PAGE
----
The Joy of Not Knowing it All: Why Christian Education in the Church Matters

The following was initially delivered as a sermon on June 12, 2016 for Christian education recognition Sunday at the Congregational Church in Exeter, but it’s relevant for your church if you are starting a new year of Christian education soon!

The Pew Research Center found in 2014 that only 14.7% of American adults are a part of a mainline Protestant denomination. That’s a church like ours, as well as Episcopalians, Presbyterians, Methodists, Lutherans, and the like. Membership was down 3.4% in only seven years.

And numbers get worse when you look generationally. Only 11% of Millennial young adults identify as mainline Protestants, compared to 26% of their grandparents’ generation. Our own denomination has gone from over two million members in 1957 to less than one million today. And each of the other mainline denominations can tell a similar story.

We also have the worst “retention rate” when it comes to our young people with 45%, less than half, of our youth continuing to claim our tradition into young adulthood. That number dips to 37%, or just over a third, when you look at Millennials. More and more of our youth are graduating from high school, stepping out into the world, and becoming “nones”.

So what does that have to do with Christian education? And what does it have to do with this story we read today, the one where Jesus tells his disciples that if they want to enter the kingdom of heaven, they have to become like little children?

First, I think this story reminds us just how important children are, and just how much of our ministry has to be focused on them. We have to do the work that allows our youngest to get to know Jesus. They need to know that they are loved beyond measure by God. They need to know what Jesus taught about being good and kind and loving your neighbor. And they need us to make sure there are no barriers in their way as they do.

We work very hard to do that. We have a fantastic group of adult volunteers in this church. You teach Sunday school, you chaperone youth events, you show our youngest how to make music. From the very start of my ministry with you I’ve been so impressed by the way you take education and formation seriously, especially with our children and youth.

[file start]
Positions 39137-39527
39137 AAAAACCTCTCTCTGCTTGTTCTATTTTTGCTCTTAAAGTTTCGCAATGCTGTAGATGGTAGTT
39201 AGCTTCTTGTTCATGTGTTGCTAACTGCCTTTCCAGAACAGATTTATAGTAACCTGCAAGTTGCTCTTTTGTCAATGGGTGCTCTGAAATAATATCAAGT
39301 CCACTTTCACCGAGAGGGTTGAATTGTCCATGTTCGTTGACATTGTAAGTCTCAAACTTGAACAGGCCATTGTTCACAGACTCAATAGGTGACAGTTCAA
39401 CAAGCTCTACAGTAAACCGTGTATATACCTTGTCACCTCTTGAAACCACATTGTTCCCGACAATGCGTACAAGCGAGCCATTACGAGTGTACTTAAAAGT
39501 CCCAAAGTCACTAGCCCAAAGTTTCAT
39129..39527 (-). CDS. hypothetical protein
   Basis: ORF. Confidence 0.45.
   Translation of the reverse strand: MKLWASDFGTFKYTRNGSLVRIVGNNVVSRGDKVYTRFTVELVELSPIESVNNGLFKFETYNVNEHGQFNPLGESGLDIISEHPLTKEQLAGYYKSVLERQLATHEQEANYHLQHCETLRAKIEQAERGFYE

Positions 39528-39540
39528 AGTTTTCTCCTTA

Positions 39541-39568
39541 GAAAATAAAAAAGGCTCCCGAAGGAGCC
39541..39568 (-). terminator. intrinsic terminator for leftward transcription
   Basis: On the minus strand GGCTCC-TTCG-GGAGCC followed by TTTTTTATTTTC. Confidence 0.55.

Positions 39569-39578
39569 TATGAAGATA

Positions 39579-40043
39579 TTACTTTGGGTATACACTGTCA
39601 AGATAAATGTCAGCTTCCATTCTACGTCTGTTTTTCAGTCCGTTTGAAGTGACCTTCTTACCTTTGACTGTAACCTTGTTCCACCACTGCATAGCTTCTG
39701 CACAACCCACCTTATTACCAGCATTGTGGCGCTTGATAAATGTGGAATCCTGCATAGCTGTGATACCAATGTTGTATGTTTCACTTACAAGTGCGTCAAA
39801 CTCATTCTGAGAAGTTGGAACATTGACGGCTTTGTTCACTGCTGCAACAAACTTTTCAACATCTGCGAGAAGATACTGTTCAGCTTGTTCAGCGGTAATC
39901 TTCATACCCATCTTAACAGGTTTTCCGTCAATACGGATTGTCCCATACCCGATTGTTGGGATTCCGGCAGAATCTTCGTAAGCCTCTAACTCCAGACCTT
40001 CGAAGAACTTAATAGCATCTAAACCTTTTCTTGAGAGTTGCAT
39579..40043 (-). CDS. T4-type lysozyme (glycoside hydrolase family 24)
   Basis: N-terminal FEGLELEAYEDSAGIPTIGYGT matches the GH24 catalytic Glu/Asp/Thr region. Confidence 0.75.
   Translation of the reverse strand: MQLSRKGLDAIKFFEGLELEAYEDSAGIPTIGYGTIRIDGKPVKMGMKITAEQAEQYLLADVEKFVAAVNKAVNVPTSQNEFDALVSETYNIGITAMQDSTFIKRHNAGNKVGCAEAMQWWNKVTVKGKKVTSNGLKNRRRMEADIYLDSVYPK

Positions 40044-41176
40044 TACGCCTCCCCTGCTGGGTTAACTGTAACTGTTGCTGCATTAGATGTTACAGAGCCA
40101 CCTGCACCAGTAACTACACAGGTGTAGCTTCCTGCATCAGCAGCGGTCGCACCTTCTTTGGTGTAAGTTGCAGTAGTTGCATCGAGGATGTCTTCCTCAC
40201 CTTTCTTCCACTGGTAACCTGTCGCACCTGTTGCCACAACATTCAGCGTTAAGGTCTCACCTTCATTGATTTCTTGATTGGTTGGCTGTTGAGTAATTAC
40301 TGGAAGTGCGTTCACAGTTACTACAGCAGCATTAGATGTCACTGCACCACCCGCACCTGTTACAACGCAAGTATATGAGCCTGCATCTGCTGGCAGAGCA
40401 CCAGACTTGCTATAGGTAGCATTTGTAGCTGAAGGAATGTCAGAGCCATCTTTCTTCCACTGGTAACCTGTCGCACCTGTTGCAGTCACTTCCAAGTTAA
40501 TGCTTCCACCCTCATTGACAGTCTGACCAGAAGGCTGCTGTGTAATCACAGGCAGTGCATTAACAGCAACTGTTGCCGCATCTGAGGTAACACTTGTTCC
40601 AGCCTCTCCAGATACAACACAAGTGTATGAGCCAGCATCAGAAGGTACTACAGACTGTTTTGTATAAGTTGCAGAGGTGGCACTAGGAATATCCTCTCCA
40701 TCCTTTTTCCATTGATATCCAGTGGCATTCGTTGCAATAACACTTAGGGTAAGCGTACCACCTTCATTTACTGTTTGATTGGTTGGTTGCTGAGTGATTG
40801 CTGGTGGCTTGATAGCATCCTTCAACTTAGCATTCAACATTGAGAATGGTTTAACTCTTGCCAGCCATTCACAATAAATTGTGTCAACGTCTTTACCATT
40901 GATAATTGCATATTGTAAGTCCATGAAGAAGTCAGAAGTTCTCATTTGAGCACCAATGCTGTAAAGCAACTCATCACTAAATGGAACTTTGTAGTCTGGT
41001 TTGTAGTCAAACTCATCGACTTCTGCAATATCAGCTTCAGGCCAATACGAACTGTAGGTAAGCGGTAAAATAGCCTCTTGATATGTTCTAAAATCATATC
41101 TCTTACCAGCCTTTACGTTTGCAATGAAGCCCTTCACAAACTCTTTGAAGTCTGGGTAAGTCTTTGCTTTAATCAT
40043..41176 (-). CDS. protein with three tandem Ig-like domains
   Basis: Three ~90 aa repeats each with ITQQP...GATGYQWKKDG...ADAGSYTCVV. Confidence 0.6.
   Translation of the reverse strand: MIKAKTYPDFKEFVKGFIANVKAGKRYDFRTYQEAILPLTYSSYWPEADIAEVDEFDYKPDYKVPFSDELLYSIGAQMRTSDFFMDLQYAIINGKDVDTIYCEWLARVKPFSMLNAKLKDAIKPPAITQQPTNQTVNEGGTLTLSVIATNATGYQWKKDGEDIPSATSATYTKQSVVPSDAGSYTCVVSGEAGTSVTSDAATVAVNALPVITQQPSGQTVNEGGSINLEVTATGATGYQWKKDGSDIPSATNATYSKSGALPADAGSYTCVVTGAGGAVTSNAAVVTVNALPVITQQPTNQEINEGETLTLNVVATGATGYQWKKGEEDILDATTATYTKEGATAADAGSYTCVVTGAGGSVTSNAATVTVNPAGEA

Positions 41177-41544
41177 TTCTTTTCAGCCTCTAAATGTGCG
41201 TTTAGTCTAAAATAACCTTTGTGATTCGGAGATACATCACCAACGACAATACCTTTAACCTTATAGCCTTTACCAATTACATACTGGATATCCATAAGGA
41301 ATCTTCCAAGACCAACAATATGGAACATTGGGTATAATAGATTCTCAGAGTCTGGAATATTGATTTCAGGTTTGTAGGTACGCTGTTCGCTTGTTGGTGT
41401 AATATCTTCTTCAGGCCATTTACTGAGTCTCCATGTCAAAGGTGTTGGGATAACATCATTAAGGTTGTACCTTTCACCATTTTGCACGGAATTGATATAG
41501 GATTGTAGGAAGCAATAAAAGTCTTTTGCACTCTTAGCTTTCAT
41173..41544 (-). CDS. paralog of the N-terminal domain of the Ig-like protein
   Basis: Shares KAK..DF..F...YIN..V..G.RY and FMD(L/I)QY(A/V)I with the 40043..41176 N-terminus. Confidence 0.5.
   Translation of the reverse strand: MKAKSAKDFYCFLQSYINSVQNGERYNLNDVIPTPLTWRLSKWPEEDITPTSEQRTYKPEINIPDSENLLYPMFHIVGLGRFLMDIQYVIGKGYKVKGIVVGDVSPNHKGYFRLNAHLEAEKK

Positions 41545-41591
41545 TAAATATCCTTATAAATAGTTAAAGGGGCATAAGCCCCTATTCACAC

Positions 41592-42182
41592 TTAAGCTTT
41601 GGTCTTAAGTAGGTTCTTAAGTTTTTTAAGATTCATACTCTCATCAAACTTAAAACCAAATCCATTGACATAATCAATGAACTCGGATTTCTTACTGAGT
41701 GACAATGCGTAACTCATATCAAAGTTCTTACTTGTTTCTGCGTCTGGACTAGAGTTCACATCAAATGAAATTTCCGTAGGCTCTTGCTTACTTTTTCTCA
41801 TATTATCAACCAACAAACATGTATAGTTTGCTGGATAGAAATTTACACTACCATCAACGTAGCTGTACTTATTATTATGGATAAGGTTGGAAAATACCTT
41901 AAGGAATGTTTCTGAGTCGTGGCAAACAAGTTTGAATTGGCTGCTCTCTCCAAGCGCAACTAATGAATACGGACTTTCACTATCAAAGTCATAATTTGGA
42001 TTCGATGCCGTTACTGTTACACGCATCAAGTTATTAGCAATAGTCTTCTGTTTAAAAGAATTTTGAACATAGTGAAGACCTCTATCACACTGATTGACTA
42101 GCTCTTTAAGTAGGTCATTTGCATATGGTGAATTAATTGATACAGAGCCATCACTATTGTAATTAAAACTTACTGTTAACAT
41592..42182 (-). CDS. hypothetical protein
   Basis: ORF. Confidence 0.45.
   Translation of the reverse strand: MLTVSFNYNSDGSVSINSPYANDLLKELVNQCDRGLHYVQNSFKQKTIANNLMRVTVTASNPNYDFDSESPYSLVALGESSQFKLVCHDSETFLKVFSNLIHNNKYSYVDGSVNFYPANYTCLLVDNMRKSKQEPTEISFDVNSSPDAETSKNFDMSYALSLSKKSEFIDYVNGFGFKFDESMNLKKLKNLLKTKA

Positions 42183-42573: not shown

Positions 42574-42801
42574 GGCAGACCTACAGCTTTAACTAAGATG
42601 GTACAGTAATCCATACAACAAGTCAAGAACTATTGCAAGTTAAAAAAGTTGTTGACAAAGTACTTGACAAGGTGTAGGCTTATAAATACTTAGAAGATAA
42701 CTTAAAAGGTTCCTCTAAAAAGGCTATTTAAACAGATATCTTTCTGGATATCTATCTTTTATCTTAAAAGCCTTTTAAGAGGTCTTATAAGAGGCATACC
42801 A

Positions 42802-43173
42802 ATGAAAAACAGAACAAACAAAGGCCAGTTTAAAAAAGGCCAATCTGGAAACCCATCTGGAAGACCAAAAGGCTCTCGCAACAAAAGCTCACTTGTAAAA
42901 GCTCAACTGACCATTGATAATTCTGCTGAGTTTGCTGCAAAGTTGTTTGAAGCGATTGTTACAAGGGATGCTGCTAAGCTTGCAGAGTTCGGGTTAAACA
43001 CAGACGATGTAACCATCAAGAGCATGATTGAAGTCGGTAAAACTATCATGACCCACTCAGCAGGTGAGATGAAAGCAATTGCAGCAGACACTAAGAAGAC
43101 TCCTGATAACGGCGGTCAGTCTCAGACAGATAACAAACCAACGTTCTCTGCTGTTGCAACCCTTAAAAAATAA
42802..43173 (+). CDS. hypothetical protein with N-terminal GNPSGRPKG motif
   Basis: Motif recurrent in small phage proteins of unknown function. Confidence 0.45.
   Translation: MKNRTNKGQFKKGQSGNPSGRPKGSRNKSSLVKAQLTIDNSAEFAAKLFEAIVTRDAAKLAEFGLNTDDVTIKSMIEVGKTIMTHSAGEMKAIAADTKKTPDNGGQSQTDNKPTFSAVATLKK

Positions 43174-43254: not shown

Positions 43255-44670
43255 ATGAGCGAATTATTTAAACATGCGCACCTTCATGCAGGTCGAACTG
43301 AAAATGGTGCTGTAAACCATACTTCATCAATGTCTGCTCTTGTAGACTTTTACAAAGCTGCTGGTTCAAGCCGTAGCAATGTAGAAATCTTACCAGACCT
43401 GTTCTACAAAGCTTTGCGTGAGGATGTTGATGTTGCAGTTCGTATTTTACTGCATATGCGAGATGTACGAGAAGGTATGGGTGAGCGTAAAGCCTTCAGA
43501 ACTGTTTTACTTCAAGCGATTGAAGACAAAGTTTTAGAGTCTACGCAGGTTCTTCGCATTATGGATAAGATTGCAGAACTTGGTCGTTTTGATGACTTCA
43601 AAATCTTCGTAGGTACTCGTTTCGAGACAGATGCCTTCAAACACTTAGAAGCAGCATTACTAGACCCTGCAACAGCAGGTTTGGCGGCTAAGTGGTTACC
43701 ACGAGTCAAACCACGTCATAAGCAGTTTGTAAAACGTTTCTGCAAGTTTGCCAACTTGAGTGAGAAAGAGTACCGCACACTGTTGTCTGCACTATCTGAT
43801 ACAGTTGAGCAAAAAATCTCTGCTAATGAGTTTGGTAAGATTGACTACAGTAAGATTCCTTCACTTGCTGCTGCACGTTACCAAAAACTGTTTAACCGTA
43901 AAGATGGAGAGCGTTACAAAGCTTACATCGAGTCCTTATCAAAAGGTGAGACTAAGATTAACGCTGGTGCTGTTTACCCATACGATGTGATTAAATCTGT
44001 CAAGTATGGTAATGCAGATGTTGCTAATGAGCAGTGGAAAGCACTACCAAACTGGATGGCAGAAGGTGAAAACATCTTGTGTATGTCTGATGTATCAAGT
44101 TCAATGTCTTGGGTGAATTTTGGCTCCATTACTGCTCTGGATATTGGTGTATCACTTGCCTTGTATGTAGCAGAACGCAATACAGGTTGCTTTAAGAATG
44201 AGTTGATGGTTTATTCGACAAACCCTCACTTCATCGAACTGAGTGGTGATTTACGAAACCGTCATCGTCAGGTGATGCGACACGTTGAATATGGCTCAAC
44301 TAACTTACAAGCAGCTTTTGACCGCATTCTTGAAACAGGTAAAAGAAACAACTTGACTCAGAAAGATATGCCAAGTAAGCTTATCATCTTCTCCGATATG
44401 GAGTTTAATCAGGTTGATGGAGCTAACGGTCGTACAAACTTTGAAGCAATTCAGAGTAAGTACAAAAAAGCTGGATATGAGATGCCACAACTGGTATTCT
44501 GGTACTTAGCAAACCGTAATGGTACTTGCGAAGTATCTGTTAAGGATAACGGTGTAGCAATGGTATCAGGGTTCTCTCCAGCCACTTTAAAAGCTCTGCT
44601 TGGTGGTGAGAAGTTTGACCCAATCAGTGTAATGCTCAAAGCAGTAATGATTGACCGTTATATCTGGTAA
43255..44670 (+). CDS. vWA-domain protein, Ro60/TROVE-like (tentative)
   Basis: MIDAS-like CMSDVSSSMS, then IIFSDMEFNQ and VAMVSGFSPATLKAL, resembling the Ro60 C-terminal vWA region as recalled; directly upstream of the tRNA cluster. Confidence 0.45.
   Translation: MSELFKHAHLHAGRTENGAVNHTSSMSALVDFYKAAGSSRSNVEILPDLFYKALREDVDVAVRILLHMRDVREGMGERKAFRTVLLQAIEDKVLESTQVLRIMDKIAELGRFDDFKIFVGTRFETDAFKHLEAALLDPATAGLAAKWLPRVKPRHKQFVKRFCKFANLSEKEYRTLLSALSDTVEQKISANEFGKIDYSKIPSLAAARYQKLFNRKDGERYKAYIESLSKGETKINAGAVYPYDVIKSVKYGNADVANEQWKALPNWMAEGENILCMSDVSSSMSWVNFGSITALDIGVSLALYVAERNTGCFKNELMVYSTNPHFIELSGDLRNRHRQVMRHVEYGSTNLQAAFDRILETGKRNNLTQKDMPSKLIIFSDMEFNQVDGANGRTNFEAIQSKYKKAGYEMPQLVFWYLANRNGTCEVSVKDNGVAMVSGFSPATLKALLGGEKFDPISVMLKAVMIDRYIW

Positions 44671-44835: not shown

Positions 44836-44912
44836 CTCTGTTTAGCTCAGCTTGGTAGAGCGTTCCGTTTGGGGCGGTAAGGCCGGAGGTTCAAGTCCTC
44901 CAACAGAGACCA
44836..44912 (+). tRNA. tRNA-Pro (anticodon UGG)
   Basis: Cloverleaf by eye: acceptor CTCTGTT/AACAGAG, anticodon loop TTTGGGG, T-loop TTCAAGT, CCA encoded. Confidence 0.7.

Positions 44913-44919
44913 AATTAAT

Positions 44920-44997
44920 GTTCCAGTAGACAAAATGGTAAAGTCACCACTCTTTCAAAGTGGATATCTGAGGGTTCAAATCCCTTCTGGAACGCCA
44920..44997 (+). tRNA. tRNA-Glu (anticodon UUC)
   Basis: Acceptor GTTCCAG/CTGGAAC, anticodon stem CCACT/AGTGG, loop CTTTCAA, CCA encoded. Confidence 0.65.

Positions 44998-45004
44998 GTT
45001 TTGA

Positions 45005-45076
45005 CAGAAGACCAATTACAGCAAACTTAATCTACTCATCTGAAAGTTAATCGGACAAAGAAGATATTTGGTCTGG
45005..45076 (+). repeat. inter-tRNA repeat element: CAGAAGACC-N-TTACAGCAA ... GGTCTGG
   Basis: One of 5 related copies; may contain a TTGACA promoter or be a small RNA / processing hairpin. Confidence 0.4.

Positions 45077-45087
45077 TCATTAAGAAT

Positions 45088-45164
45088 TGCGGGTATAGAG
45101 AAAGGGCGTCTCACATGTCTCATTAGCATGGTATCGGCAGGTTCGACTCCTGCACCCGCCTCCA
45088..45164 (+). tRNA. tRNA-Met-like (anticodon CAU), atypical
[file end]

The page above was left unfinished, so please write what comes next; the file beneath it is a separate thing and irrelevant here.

But that’s not all this text teaches. Because as much as Jesus was turning the culture of the times, and not so long ago times, on its head by saying children were supposed to be both seen and heard, he was also teaching the adults an important lesson.

Because not only was it their job to let the children come, he was telling them that they themselves had to become like children. They had to let go of their self-assurance and of appearing like they knew it all, and they had to remember what it was like to be young again. Only when they did that, could they really have a relationship with Christ.

And so what is it like to get to know Jesus the way that a child would?


Apples for teachers at the Blessing of the Backpacks last September.

I was thinking about that this week and I was thinking about how our youngest learn. I was thinking about this at the 5th grader barbecue on Friday night when we were making s’mores over a fire. The conversation moved quickly from “how can we best toast marshmallows” to “what else can we burn in the fire”?

Don’t worry…nothing burned down. But as the questions came, as well as the limits, and a few well-supervised experiments happened, I realized something: more than anything else, the youngest among us are curious.

It doesn’t matter if we are talking about campfires, or Christ. They want to learn. They want to get to know more. They are not afraid of asking questions.

That’s a gift. Because for adults asking questions often feels like a sign of weakness. Not knowing it all is a red flag to others, we think. And so we grow incurious. And we don’t grow at all.

But that’s not what Jesus asked us to do. Jesus never told us to become mindless. He never told us to stop exploring. He never wanted a church of know-it-alls who stopped learning.

He wanted the curious. And he wanted disciples.

Take a minute and think about how you understand that word “disciple”.